Monday, February 27, 2017

Dangerous Skies

We got one of those automated calls from the County Emergency Services office the other day that said a tornado warning was in the area and we should head for a basement or shelter. I looked out the window and while it appeared there were stormy gray skies on the horizon, there was no real wind. We waited and eventually we got a few waves of heavy rain, no hail like they got to the north, and no tornado touchdown anywhere, thank goodness. But we did get a magnificent sunset.

Saturday, February 25, 2017

The Jungle

I was concentrating on a digital course that I purchased about well being and meditation --- trying to take my life more seriously. Meditation is not something I can easily apply to my scattered personality. I had my earphones from my laptop on while listening to some 30-something with a very compact body tell me to breathe from my belly and count to 10 on the inhale and 10 on the exhale. She suggested that I place my hands on my belly which was a distraction as I wondered about how ample that part of my body had become. It was at this moment of mixed concentration that I heard a loud thump coming from the the kitchen. I used to have children at home and loud thumps are something I do not instinctively screen out while trying to meditate. I walked to the kitchen and saw a small cloud of gray and white feathers embedded in the outside window screen.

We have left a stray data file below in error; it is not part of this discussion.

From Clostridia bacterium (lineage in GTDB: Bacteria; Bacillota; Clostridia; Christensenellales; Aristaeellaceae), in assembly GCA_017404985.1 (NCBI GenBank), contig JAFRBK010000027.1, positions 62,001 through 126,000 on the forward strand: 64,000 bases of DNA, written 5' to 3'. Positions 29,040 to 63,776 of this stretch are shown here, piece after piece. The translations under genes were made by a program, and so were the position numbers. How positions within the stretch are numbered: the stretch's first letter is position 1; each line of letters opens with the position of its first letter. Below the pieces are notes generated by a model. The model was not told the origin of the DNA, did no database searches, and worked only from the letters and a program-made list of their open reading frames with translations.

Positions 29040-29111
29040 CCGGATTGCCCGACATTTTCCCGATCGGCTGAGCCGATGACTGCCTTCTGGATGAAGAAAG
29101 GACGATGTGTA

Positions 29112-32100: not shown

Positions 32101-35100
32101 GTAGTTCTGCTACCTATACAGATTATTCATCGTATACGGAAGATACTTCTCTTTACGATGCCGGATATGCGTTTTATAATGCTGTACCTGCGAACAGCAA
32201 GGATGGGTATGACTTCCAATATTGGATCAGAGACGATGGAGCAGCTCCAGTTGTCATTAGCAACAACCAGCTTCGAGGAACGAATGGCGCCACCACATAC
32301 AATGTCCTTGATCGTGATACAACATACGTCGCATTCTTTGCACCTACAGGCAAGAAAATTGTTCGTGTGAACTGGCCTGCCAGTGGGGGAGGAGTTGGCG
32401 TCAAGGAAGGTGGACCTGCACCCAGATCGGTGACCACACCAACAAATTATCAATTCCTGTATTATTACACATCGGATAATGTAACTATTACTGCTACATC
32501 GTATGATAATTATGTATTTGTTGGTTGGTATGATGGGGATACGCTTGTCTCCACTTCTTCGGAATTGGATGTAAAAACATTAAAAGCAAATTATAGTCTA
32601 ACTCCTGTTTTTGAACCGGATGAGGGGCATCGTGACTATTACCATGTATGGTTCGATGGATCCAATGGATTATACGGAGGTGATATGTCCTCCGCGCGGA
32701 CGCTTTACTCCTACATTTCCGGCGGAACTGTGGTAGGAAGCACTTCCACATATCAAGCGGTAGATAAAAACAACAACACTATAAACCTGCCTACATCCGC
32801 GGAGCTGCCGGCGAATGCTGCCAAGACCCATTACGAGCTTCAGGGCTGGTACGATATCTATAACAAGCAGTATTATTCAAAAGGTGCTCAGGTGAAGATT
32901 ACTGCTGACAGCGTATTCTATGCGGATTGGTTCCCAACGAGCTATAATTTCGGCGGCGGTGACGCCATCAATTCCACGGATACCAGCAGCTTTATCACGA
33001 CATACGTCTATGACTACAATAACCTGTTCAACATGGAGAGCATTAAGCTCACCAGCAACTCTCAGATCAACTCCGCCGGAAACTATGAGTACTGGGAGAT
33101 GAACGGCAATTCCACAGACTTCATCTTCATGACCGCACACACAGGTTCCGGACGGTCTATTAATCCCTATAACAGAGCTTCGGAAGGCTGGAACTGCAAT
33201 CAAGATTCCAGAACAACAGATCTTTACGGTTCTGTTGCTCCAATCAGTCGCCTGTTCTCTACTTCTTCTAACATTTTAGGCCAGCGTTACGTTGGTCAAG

I hurried outside to see if a bird was lying in the lawn, and instead saw what I guess was a Cooper's hawk (could have been a Sharp-shinned) with something small in its claws flying into the high tulip poplars.  To my right I saw another Cooper's hawk flying to another tree.  By the time I had run inside to get binoculars and back outside again, they were both gone.

Working together they had captured a titmouse that was hanging about my bird feeders.  Titmice are erratic birds that seem to easily fly in distraction with their fellow birds.  An easier prey for this excellent flying hawk.  The Cooper's hawk kills its food by squeezing it to death rather than tearing it with its beak!

Life in the jungle once again reared it's honest head and some baby Cooper's hawks will be fed tonight or perhaps this was a courting of a male to feed his female on this pre-spring week.

Tuesday, February 21, 2017

Blue Eyes